What is https? What is a secure certificate? Do you need to worry about this for your site?
Some website and blog owners that use Google Search Console got a shock recently. They got an email from Google telling them that from October 2017 some pages on their sites were going to come with a warning sign (on Chrome browsers).
I thought I’d take this opportunity to look at secure certificates for websites are and whether it’s really necessary to make the move to HTTPS.
Should you get a secure certificate for your website? Listen below to find out
This is the third episode in our series called Tech Arrghhh in which I try and demystify some common tech questions.
In episode 90 we looked at UTM tracking links and how you can use them to measure success
In episode 91 I decided it was time to find out if posting duplicate content to LinkedIn, Medium and Facebook notes would damage your SEO
What is HTTPS?
HTTP is four letters that appear at the start of every website you visit. It stands for Hyper Text Transfer Protocol. It’s basically the technology that lets us communicate with web servers and websites via the world wide web.
But it’s not secure. If you are accessing and inputting sensitive data online it’s vulnerable to hackers on HTTP.
The S in HTTPS
The S on HTTPS stands for Secure. At first only eCommerce sites, banks and the like needed to be secure but as the internet has come of age and hackers have become more prominent more and more sites have been adopting secure certs.
Is there an HTTPS SEO impact?
Google have been telling us for ages that they like secure sites.
In 2014 they updated their algorithm to favour HTTPS sites although it didn’t seem to have much impact on search engine placements at the time.
In 2015 they told us that in a tie break between a site on HTTPS and HTTP for a position in Google search rankings they’d favour the HTTPS site.
Here’s what Google’s Gary Illyes was reported to have said:
“If you’re in a competitive niche, then it can give you an edge from Google’s point of view. With the HTTPS ranking boost, it acts more like a tiebreaker. For example, if all quality signals are equal for two results, then the one that is on HTTPS would get … or may get … the extra boost that is needed to trump the other result.”
What finally prompted me to panic and get on the phone to my web guy this year was an article from MOZ showing that 50% of sites on the front page of Google are HTTPS.
That stat was from April of this year. When I looked at the MozCast site today that percentage had grown to 60%. It looks like Google really are favouring secure sites.
And if that’s not enough, In September 2016 a Backlinko study shows.
“HTTPS had a reasonably strong correlation with first page Google rankings.”
So yes, it does look like moving to HTTPS could have a positive impact on our search engine optimisation.
Non-Secure site warnings
If that’s not a big enough reason for you to want to get a secure cert for your site this new development might be.
At the moment when you visit a nonsecure site on the Chrome browser, you’ll see an i in a circle next to the web address. This tells you that the site is not secure.
From October that warning sign is going to get more prominent on pages that include forms. Any kind of forms including, contact forms, subscribe forms, anywhere on your site where visitors input information.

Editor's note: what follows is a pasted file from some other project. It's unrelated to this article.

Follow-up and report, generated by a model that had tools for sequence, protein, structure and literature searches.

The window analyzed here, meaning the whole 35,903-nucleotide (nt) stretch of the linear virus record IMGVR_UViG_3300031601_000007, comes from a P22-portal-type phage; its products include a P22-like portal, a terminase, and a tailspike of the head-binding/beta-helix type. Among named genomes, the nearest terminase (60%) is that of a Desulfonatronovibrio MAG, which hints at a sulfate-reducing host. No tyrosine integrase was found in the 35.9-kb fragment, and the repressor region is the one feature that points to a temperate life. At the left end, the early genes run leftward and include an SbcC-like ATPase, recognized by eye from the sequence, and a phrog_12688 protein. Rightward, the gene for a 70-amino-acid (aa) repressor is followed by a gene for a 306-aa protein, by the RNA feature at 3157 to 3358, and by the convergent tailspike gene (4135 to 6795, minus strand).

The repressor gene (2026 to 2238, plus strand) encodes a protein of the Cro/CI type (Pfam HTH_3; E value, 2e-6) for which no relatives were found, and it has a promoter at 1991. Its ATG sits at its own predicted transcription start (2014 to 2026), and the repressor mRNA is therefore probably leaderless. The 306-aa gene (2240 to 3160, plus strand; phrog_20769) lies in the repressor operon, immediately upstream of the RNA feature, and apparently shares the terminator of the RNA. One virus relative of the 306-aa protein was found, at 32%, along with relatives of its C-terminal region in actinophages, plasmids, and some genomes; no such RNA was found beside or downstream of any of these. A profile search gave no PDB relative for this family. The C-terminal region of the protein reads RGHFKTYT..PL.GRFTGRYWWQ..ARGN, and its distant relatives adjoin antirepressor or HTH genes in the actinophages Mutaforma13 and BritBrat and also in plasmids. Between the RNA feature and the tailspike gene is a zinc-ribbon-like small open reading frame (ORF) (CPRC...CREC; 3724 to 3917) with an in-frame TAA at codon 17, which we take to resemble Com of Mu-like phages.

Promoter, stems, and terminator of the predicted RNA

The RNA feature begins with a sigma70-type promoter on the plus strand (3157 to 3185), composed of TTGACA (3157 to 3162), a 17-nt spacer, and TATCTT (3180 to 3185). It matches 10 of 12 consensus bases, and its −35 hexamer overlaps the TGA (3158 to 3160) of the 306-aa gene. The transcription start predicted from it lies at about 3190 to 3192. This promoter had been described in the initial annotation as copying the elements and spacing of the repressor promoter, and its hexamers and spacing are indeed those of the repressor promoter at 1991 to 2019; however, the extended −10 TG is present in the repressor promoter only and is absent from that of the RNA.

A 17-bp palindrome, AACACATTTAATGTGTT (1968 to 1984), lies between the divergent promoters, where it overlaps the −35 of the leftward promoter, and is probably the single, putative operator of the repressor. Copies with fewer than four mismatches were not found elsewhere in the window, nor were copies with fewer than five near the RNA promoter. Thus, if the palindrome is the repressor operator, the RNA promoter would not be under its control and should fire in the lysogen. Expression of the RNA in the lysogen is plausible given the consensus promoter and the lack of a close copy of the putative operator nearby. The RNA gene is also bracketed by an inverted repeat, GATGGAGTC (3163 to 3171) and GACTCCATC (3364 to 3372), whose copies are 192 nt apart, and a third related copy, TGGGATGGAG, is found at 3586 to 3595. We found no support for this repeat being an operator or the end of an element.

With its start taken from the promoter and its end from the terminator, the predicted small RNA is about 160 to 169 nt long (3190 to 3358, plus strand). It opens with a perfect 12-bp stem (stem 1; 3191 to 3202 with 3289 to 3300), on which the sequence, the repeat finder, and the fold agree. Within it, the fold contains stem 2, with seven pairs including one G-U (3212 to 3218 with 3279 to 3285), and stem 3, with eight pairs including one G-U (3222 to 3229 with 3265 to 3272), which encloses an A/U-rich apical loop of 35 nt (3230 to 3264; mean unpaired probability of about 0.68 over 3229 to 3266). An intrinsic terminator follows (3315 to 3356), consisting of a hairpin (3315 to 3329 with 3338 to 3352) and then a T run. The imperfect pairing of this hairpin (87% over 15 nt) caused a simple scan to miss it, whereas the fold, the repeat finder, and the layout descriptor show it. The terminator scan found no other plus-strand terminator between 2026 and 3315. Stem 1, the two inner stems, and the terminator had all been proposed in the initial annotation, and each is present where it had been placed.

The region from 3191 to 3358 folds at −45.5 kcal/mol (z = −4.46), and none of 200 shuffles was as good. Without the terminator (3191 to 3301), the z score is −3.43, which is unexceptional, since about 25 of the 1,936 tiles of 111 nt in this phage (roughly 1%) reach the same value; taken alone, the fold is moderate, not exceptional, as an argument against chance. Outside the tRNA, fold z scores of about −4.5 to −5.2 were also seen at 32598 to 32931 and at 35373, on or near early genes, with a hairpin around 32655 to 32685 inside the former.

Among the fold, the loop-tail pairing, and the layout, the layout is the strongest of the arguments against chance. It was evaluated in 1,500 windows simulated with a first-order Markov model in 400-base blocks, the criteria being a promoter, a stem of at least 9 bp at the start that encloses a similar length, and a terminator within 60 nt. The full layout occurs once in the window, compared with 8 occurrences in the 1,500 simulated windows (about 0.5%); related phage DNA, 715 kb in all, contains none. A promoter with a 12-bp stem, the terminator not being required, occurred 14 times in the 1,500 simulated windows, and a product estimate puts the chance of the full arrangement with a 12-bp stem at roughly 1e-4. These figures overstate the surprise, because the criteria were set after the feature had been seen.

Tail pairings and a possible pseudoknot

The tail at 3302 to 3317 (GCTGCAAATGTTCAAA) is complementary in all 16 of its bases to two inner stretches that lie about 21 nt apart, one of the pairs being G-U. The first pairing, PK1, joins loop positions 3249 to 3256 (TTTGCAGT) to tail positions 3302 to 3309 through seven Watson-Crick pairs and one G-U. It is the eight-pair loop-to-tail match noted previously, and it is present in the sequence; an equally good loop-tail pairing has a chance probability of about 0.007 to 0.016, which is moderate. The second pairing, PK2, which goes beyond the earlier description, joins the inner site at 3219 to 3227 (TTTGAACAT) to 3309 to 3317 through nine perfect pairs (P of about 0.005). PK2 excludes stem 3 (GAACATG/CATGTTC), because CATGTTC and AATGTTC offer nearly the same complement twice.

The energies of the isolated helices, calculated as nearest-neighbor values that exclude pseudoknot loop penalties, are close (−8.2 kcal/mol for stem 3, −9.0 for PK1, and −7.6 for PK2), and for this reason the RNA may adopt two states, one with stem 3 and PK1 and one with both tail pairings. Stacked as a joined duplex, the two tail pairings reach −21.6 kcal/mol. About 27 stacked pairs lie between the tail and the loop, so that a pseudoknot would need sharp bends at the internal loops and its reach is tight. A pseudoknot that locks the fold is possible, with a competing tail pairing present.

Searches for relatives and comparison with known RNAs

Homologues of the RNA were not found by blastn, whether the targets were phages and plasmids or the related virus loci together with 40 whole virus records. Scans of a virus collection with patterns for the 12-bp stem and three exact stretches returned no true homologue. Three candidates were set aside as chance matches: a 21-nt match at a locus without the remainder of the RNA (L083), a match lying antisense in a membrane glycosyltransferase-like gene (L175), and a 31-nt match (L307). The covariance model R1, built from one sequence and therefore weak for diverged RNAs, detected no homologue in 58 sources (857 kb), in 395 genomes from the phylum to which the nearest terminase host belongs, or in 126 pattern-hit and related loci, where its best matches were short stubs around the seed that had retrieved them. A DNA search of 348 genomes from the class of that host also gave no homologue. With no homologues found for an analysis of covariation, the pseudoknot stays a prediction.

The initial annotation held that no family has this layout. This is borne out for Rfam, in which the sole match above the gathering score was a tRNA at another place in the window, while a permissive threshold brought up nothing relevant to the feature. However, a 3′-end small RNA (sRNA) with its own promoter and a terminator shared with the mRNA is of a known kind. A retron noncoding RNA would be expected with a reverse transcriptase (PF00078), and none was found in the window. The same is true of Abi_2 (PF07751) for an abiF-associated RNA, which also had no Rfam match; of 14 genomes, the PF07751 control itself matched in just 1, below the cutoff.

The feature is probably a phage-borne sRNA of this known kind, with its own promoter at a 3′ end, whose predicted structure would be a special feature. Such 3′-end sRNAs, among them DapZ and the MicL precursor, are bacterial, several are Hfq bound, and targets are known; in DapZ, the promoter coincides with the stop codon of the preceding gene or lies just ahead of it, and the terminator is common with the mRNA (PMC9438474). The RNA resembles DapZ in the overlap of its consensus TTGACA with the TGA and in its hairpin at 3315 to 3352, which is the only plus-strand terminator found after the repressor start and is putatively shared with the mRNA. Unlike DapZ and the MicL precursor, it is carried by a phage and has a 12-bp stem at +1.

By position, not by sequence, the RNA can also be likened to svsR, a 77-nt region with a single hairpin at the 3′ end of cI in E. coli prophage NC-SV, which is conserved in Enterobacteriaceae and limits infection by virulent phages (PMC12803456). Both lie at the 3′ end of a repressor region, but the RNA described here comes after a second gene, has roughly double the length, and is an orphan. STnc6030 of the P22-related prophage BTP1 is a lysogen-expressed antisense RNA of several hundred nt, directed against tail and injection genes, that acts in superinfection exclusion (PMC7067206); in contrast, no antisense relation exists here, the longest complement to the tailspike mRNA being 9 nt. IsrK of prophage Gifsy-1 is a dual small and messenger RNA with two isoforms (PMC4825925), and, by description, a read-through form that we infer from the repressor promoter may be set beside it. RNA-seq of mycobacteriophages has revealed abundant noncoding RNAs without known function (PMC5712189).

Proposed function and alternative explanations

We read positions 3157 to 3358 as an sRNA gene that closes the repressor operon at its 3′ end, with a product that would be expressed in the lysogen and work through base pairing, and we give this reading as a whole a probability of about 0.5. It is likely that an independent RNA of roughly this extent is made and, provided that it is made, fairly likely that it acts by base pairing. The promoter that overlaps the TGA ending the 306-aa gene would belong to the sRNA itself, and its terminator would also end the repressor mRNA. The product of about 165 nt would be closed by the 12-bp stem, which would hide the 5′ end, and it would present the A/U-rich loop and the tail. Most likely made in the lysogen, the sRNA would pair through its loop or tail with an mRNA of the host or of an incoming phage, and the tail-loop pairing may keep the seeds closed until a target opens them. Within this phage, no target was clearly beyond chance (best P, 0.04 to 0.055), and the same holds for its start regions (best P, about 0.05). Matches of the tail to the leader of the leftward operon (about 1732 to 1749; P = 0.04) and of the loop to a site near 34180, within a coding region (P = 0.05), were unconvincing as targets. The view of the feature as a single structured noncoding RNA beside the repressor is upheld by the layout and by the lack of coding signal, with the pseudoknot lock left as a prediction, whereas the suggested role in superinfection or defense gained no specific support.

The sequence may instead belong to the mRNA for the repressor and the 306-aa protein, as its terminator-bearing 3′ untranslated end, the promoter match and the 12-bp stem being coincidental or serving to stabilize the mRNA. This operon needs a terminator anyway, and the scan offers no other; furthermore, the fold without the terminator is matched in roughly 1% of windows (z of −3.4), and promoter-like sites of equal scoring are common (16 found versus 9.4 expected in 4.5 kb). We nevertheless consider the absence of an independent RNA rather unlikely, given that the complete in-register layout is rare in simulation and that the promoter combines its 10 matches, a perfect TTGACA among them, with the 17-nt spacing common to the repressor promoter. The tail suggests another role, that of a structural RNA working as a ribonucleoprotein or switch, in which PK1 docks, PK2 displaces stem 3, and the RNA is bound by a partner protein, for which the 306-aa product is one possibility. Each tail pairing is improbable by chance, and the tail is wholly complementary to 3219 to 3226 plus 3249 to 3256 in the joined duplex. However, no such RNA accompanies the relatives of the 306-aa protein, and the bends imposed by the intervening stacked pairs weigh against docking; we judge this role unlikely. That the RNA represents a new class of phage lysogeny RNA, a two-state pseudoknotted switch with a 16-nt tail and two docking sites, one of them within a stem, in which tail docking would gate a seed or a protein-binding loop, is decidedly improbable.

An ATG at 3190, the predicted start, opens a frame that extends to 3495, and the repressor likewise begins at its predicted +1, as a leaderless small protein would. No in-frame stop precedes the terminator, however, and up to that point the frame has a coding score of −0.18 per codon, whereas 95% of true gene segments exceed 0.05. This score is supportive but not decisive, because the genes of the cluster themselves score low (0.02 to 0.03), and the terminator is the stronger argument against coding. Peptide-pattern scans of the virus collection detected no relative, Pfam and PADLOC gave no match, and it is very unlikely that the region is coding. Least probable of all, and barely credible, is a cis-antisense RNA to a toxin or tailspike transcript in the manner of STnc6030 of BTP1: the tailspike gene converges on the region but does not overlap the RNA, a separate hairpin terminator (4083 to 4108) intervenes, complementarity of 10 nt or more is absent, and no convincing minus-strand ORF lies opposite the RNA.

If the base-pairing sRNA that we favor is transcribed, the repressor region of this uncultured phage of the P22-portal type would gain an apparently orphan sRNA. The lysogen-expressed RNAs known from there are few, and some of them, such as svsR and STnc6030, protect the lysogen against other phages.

The warning is scary looking too. The gentle i is replaced by a big red exclamation mark in a triangle with ‘Not Secure’ next to it. Enough to scare people off before they fill in their details.
Where do you get a secure certificate for your website from?
Most hosting companies offer secure certificates.
You’re probably familiar with the term SSL (short for secure socket layer). All secure certs used to be SSL but now there’s an alternative. TLS (Transport Layer Security) is the new, even more secure standard.
Either option will work in the eyes of Google.
If you have a customer friendly hosting company talk to them, they may even be able to implement the certificate for you.
If you are techie yourself you might want to take on the challenge of moving your site to HTTPS but I’d highly recommend hiring an expert. It’s not a big job when you know what you are doing but it’s easy to mess it up.
What can go wrong when you switch to https?
Here are just a few of the potential issues you could run into if your secure cert isn’t set up correctly
If both your HTTP and HTTPS sites are visible to Google you may have issues with duplicate content. Although, according to Google’s 2015 announcement it looks like they’ll be choosing the HTTPS version if this happens.
If you don’t update your website in Google Analytics you may find errors in the reporting.
Both links within your own site to your own site (internal) and external links from other sites to your website need to point to your new HTTPS site. This means if someone clicks or inputs the old non-secure address they are sent to the new secure version.
You’ll need to set up redirects for external links and check internal links are set to point to the HTTPS version of the page.
Does that all sound too techy to you? Me too that’s why I got an expert to do the work for me. They made the transition seamless with no issues. It’s not a big job for someone who knows what they are doing so don’t be scared to contact your web developer.
Should you get a secure cert for your site and make the change to HTTPS?
Yes, absolutely do. It’s important now, it could help with your SEO and it will ensure you’re not scaring people off with warnings. My guess is it will become more important in the future.